All New Laws Go Into Effect on November 1st of Each Year
Video Transcribed: There’s a new Anti-Doxing law in Oklahoma, but it only applies to public officials and police officers. My name is James Wirth I am a lawyer in Tulsa, and that’s the topic before us. It’s a new crime. It is an Oklahoma statute now.
It’s that time of year, all the new laws unless it’s an emergency, go into effect on November 1st of each year. So, we’re going through a lot of those new offenses, a lot of those new laws and crimes, and one of them is this new Anti-Doxing bill that becomes law on November 1st, 2021.
It’s a House Bill 1643. It makes a new crime for… Essentially what it says is whoever with intent to threaten, intimidate, or harass, or facilitate another. So, it isn’t just you that commits it. If you get someone else to commit it, it could also fall under the statute.
Facilitate another to threaten intimidate, harass, uses an electronic communication device to knowingly publish, post, or otherwise make publicly available, and here’s the key phrase, personally identifiable information of a peace officer, or public official that, as a result, puts that person in reasonable fear of death, or serious bodily injury.
And if you do that, under this crime, it is a misdemeanor with a maximum of up to six months in jail and a $1,000 fine for a first offense, or it goes up to a year and a $2,000 fine for a second offense.
So, this is a Doxing situation where, perhaps, if there’s a shooting, where there’s a police shooting of somebody, and there’s a lot of controversy surrounding that, the media is covering it and people are protesting against it, if you are under those circumstances to specifically release information, using electronic means, posting online on social media, this was the officer who did it, this is their home address with the intent that that person be threatened, harassed, or harmed, then that essentially would be violating this anti-doxing statute.
What’s interesting is that it’s limited in Oklahoma, the anti-doxing statute that just is going into place is limited to the personally identifiable information of a police officer or a public official. And it’s also, interesting in the fact that it does not define what it means by personally identifiable information.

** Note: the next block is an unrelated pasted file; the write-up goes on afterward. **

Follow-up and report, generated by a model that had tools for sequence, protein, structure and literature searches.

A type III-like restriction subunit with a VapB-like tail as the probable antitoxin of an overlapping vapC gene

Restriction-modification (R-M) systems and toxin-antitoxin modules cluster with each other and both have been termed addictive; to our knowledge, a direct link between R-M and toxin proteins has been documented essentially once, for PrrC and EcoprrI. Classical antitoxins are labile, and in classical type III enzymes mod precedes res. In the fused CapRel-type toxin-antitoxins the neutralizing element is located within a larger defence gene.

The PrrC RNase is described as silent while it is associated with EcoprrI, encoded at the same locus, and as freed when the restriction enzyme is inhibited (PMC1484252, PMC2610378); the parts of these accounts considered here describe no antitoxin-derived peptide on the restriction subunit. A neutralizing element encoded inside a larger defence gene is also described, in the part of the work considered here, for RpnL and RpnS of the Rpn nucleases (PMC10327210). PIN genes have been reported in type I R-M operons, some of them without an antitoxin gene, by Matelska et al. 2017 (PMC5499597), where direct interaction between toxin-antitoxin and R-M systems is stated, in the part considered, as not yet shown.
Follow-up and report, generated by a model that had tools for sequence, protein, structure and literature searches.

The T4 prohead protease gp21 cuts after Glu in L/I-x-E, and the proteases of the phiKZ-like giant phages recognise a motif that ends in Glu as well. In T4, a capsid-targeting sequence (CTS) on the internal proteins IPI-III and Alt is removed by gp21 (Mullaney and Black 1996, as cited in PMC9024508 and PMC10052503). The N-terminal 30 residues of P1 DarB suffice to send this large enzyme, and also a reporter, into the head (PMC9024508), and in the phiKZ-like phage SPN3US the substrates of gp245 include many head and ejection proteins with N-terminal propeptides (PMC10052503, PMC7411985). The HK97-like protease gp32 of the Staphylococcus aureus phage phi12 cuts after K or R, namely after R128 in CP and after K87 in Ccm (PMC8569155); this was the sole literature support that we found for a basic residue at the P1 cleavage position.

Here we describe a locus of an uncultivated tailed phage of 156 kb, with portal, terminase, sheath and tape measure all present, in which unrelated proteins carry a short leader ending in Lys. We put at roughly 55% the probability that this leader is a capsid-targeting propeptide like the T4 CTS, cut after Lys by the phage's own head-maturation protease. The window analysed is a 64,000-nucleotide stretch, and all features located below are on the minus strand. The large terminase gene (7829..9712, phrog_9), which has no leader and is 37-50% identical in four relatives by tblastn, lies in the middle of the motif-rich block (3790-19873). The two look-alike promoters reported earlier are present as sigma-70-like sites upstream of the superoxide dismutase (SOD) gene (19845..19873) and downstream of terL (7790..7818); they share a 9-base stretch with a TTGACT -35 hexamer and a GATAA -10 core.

Certainly, if you’re posting, I think information about somebody’s address with the suggestion they go over to that place to harass that person, I think that prosecutors would definitely seem to think it falls within this statute and you may be prosecuted for that.
However, if you’re just releasing that person’s name, that certainly could be considered personally identifiable information, but there are First Amendment issues that come into place at that point. Or maybe you take a video that shows a police incident, and you post that video.
If it shows their face, is that personal identifying information? If it shows their name on their badge, is that personal identifying information? Because it’s information, there are First Amendment issues here that have to be balanced with the constitutionality of this law, and without any definitions in place regarding personal identifying information, we don’t know exactly where those borders are but be aware this is a new offense.
Also, as I mentioned before, be aware that it’s not just if you do it if you cause somebody else to do it. So, perhaps, you do some internet sleuthing, you find out who the person is, and then you give that information to somebody else that then posts it, you could potentially be liable under the statute for that as well. You may, under the right circumstances, have First Amendment protections, but you want to be careful of that.
If you have specific questions regarding this new law or prosecution for something related to it, you may want to talk to an attorney privately, confidentially that to get a real consult. To do that with somebody at my office, you go online to makelaweasy.com.